Top Menu

Tag Archives | disc herniation

Superior Cluneal Nerves

What in the World Are Back Mice?

Back pain is one of the most pervasive causes of disability and a frequent reason for people to visit massage therapists. Many causes of back pain have no specifically identified tissue pathology and therefore get labeled “non-specific” low back pain. However, sometimes there is a primary tissue dysfunction present that just doesn’t get evaluated properly. […]

Continue Reading
Ending position of ULNT 1

Exploring Upper Limb Neurodynamics

Nerve compression is a recognized cause of soft-tissue pain and disability for many. Nerve compression syndromes, and especially upper extremity nerve disorders, came to the forefront in the last few decades as a result of increasing injuries among those whose occupations require repetitive activities. Carpal tunnel syndrome (CTS)  is the most well-known of the upper […]

Continue Reading
cauda-equina

Recognizing Cauda Equina Syndrome

More people than ever before are using massage for a wide variety of ailments, especially back pain. Low back pain is one of the most challenging medical conditions as it is still very difficult to make a direct cause between many low back pain complaints and specific tissue pathology. Massage can be of great benefit […]

Continue Reading
forward-head-posture

Head Posture and Myofascial Pain

Sun A, Yeo HG, Kim TU, Hyun JK, Kim JY. Radiologic assessment of forward head posture and its relation to myofascial pain syndrome. Ann Rehabil Med. 2014;38(6):821-826. This study attempts to evaluate computer terminal related forward head posture. Forward head posture exaggerates an anterior curve in the lower cervical region and posterior curve in the […]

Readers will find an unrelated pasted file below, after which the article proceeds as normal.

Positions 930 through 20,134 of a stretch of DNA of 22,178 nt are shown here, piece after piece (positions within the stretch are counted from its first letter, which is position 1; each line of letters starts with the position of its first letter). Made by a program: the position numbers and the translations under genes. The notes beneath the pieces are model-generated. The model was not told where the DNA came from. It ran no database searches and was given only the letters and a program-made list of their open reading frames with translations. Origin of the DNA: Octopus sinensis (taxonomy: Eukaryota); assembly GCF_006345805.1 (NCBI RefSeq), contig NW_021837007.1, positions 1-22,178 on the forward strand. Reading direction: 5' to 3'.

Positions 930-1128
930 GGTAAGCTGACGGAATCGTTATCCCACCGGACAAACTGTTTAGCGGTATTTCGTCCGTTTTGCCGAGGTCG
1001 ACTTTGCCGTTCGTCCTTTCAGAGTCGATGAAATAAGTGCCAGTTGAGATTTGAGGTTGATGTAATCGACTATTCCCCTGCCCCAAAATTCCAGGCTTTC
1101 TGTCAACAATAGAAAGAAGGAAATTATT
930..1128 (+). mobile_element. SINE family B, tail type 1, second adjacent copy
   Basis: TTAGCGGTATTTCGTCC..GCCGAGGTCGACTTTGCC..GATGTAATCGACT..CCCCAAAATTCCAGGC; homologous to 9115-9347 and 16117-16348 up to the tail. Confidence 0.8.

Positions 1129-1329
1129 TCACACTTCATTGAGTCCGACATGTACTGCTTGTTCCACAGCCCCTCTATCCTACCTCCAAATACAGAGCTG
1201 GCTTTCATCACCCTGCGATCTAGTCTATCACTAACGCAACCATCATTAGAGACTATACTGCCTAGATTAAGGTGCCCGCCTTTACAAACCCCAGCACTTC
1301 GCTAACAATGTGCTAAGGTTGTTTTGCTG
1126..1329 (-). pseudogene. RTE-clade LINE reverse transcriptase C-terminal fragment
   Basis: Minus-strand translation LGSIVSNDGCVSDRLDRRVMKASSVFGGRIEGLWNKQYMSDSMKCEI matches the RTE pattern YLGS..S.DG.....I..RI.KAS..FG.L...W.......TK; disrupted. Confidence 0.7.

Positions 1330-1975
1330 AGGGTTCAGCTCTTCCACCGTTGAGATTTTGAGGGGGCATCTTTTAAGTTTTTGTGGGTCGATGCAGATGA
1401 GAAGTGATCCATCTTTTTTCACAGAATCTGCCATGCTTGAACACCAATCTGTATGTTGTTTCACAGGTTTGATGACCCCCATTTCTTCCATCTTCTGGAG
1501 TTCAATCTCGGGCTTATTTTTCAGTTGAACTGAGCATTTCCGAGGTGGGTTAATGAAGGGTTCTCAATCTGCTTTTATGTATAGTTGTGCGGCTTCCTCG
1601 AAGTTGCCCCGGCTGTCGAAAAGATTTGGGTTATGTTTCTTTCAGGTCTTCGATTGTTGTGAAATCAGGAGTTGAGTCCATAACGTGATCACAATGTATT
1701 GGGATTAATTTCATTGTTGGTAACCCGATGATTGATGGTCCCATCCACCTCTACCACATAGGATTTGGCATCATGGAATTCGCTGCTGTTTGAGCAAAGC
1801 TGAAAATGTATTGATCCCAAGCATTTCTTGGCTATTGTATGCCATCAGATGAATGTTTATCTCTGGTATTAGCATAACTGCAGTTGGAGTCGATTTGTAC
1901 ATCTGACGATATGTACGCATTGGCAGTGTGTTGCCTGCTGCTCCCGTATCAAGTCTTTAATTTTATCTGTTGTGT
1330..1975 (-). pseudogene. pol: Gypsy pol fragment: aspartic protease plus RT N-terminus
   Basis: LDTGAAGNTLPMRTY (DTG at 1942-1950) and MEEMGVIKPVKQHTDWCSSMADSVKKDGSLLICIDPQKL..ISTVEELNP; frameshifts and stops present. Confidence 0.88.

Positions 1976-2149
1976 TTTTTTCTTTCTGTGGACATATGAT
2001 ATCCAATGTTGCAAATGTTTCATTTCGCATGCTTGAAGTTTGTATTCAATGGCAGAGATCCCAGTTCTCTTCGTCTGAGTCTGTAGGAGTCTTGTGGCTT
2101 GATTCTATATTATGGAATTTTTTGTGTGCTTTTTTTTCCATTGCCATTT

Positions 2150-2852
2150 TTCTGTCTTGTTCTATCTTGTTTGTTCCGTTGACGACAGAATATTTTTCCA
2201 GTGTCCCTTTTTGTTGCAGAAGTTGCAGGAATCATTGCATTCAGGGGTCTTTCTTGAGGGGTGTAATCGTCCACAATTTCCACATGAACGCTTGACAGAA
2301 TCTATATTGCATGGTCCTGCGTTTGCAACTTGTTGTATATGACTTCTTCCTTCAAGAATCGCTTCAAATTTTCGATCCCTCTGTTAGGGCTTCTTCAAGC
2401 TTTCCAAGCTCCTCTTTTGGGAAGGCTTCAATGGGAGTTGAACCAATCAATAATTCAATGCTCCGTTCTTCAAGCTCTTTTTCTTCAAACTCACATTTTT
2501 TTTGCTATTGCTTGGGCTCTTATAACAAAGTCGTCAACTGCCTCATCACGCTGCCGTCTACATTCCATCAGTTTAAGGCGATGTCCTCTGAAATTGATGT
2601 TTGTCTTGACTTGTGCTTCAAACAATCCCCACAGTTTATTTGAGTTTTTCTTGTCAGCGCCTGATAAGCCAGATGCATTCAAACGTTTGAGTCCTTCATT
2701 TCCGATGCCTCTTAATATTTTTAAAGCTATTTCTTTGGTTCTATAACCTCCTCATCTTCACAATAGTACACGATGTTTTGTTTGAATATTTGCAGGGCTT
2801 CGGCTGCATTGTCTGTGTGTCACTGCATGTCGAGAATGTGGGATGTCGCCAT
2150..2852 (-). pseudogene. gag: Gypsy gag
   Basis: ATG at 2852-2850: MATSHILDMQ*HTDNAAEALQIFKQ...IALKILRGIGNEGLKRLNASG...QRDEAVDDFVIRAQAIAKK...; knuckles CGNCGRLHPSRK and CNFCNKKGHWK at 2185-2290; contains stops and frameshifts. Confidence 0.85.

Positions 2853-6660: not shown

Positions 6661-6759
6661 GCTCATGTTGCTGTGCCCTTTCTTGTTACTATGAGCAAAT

Continue Reading

The Slump Test

Identifying the location of nerve entrapment can be very challenging. Even high tech diagnostic tests such as nerve conduction studies are not always reliable in determining the primary location of nerve pathology. Yet, physical examination can be very helpful for locating potential regions of nerve pathology. One of the more effective physical examination methods for […]

Continue Reading

The Myth of the Blown-Out Disc

We’ve probably all had heard someone say before that they “blew out a disc.” In most cases there is some prior acute injury that led to the symptoms or the determination of disc involvement. This phrase leads to an interesting, but somewhat inaccurate, perception about disc protrusions and the role they play in pain and […]

Continue Reading

Website by Techcare, LLC